Three months after Matt Klebe bought his four-wheeler Polaris Sportsman ATV, it nearly burned him.

That day in 2015, he was bounding around Devils Lake, N.D., when he had to quickly turn off the engine and jump from the machine. It stank of burned plastic, and his leg was hot. The side panel hugging his leg had melted.

It happened again last month, just before Polaris recalled 19,200 other Sportsman vehicles for the same problem.

“I actually didn’t really expect it to happen again. I thought this was just a fluke thing,” the North Dakota resident said. The experience, he said, “may have made me change my mind toward a different brand.”

Over the past two years, recurring product recalls have dealt a serious blow to Polaris’ position as an icon of Midwestern manufacturing know-how. In all, the Medina-based maker of ATVs, snowmobiles and motorcycles has issued 12 rounds of recall notices that affected 338,800 vehicles.

It is a difficult situation for a company that started building its reputation in the early days of the snowmobile industry in the 1950s and early ’60s, when co-founder Edgar Hetteen took one of his machines on a 1,200-mile journey across the Alaskan wilderness to demonstrate its durability.

Now Polaris is fighting to reassure its dealers and customers, many of them in Minnesota, where all season, off-road recreation has long been a popular weekend pastime. Reports of 247 fires and multiple injuries in two years on Polaris vehicles have led to falling sales and lower profits. The company’s stock price has declined by about half since the problems emerged. Three riders also have died in crashes on Polaris vehicles, although the company is disputing claims that design deficiencies were the cause.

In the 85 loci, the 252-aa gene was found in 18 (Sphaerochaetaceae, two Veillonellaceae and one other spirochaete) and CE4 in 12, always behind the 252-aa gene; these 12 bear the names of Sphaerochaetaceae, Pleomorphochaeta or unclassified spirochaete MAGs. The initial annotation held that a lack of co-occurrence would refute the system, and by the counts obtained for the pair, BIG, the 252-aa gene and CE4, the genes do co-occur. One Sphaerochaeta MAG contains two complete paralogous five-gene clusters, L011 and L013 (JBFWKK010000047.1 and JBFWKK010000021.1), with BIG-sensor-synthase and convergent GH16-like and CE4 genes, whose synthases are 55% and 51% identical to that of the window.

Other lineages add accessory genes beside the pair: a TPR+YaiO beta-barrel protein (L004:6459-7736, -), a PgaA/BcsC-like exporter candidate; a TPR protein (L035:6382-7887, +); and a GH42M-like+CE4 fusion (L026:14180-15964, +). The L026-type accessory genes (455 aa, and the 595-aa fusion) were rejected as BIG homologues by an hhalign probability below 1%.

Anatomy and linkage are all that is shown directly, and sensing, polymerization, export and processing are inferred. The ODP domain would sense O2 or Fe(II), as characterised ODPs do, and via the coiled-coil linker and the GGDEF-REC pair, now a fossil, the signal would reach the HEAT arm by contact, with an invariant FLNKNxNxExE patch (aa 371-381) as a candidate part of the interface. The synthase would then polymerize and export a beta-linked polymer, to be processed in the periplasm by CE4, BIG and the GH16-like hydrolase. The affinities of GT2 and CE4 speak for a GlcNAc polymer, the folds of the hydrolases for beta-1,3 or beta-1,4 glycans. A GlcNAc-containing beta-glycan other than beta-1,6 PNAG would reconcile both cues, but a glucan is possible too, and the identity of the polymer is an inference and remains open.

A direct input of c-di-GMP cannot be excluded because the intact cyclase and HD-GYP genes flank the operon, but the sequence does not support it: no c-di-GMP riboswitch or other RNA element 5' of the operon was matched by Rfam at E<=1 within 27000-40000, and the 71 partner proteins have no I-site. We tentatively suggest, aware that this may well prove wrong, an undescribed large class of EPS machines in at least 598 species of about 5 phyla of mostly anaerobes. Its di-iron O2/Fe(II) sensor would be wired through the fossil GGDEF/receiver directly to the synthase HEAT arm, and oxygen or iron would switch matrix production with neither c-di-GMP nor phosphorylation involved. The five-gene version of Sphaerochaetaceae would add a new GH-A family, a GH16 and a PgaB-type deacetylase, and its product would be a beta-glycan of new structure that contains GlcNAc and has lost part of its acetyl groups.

Polaris has acknowledged that it faces challenges, but the company has also said it has a culture that can deal with adversity and learn from it. CEO Scott Wine said in a statement earlier this month, when the latest two recalls were announced, that he expects fewer and less complex recalls as capabilities improve.

Company officials declined to comment for this article, citing a mandatory quiet period before an upcoming earnings announcement. But Wine said in an annual report the company released last month that safety and quality are its top priorities, and that it knows it has work to do.

“We will continue to closely monitor our vehicles’ performance,” Wine said. “When an issue arises, we will act swiftly to keep our customers safe.”

The company will give an update on its situation this week, when it reports its latest quarterly results Tuesday and then hosts a shareholder meeting Thursday. Its legion of loyal customers and dealers will be looking for reassurance that it can get the problems fixed.

The recalls are not Polaris’ only worry.

As Polaris has been dealing with safety issues, the industry as a whole went into a sales lull. Plus, competitors have gotten more aggressive, taking away market share.

“Polaris couldn’t have picked a worse time to have unprecedented quality issues,” said Wedbush Securities analyst James Hardiman. “Polaris is simultaneously wrestling with more challenges than at any time in the 10 years we have covered the company.”

With all the issues, some dealers say they fear that Polaris could lose its position as the top U.S. seller of ATVs and popular side-by-sides. Even two years after the recalls started, they received two more sets of recall notices last month and another two this month.

Randy Knadle sees the effects at the service division he manages at Cannon Power Sports in Cannon Falls.

Walking through the service yard last week, he started pointing: “That’s a Polaris recall. There’s a recall. There’s another recall. And there are five recalls on these Sportsmans right here,” he said.